Pence, DHS Secretary Say Putin Meddled in Trump’s Election
(Bloomberg) -- Vice President Mike Pence and Homeland Security Secretary Kirstjen Nielsen on Tuesday offered public support for U.S. spy agencies’ finding that Russia interfered in the 2016 U.S. presidential election.
President Donald Trump stirred an uproar with comments at his Helsinki summit with Russian leader Vladimir Putin when he cast doubt on U.S intelligence assessments that Russia was behind cyber-attacks on Democratic organizations and the Hillary Clinton presidential campaign during the 2016 election.
Trump later acknowledged the spy agencies’ conclusion was correct in a statement but then undercut the conclusion by adding that election interference “could be other people also.”
The U.S. intelligence agencies are “right,” Nielsen said at the Department of Homeland Security National Cybersecurity Summit in New York.
“It was the Russians,” she added. “Any attempt to interfere in our elections is a direct attack against our democracy. Americans will not tolerate this meddling.”
Pence echoed her statement in a speech to the conference later in the day.
“The fact is Russia meddled in our 2016 elections,” Pence said. “That is the unambiguous judgment of our intelligence community.”
Their remarks came as Facebook Inc. said it had identified an ongoing effort to influence the U.S. midterm elections using inauthentic accounts and pages on the social network. Facebook and other social-media networks have been criticized by lawmakers for failing to recognize and take steps to stop efforts to sow discord among Americans as Russia did during the 2016 campaign.
Speaking to reporters at the event on Tuesday, Homeland Security Undersecretary Christopher Krebs commended Facebook for coming forward with the information and said that the department is working with social media companies to help them understand tactics and trends of bad actors.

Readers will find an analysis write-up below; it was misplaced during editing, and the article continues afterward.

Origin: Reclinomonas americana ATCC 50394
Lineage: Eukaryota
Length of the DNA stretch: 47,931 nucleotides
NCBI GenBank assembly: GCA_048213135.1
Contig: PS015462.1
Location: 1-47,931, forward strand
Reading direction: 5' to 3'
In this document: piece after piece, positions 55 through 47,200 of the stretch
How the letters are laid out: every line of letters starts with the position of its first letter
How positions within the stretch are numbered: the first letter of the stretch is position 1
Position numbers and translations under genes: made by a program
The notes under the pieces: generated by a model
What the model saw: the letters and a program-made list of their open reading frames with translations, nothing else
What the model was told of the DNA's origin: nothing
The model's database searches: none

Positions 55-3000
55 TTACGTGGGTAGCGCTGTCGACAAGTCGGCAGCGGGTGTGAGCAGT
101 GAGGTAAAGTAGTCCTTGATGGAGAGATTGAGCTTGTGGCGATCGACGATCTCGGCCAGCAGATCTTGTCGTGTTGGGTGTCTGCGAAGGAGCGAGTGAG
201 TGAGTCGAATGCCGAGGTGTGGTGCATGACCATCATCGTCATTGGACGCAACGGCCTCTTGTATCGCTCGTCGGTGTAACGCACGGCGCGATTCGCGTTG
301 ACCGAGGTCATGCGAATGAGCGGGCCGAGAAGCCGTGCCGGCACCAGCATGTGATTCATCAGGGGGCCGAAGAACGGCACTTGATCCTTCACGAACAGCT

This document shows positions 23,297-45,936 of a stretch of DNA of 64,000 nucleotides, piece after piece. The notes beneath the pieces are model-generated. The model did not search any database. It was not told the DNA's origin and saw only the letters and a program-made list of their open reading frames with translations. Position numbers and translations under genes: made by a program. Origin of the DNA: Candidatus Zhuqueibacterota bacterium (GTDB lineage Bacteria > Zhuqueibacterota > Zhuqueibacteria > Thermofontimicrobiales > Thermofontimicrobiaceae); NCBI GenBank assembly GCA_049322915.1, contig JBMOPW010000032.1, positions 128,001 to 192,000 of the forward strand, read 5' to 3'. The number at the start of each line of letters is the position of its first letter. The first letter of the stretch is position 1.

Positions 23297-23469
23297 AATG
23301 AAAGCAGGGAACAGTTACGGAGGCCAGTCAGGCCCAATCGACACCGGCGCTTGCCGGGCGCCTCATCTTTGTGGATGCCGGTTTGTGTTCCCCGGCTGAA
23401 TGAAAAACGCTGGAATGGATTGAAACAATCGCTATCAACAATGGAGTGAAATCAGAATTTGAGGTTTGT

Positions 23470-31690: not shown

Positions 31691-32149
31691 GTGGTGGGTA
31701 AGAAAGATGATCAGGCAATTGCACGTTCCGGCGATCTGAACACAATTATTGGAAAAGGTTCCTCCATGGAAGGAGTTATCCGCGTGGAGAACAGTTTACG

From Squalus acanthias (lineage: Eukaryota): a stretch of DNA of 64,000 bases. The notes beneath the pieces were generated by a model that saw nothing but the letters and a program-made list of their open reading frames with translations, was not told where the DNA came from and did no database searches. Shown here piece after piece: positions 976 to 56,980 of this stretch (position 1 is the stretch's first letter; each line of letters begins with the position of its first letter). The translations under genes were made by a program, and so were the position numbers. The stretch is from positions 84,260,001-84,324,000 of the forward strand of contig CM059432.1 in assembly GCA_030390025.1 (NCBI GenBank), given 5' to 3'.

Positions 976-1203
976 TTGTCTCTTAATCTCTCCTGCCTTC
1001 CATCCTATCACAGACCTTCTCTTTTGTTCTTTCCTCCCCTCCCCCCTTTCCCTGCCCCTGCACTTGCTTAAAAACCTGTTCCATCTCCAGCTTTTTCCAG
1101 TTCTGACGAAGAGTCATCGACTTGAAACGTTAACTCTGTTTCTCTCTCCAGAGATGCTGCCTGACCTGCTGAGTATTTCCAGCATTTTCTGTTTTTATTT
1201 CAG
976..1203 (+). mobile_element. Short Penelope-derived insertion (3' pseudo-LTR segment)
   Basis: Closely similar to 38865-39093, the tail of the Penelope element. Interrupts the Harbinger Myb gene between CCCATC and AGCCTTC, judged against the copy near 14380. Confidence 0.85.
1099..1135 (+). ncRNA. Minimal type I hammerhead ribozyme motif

Nielsen also said the U.S. is still having difficulty protecting critical infrastructure from cyber attacks, calling for greater data-sharing across government and the private sector to combat hacking.
‘Connecting the Dots’
“We still have trouble connecting the dots” between the government and the private sector,” Nielsen said. While there is enough data to block cyber attacks, “we aren’t sharing fast enough or deeply enough.”
Her remarks come as the government works to combat cyber-threats on banks, energy and water infrastructure, as well as ensure the integrity of the 2018 elections. She reiterated a warning to other nations that the U.S. would expose and punish countries tied to efforts to disrupt American elections.
“We must act now,” Nielsen said. “That starts with calling out the offenders whether it’s North Korea or Russians. We are identifying countries” with these capabilities, she added.
An analysis released in March by the FBI and Homeland Security said that hackers are conducting a broad assault on the U.S. electric grid, water processing plants, air transportation facilities and other targets in rolling attacks on some of the country’s most sensitive infrastructure.
In late March, at least half a dozen pipeline operators shut down their third-party electronic communications due to a cyberattack.
Nielsen said the U.S. is establishing a national management center to help businesses and the government collaborate to protect infrastructure.
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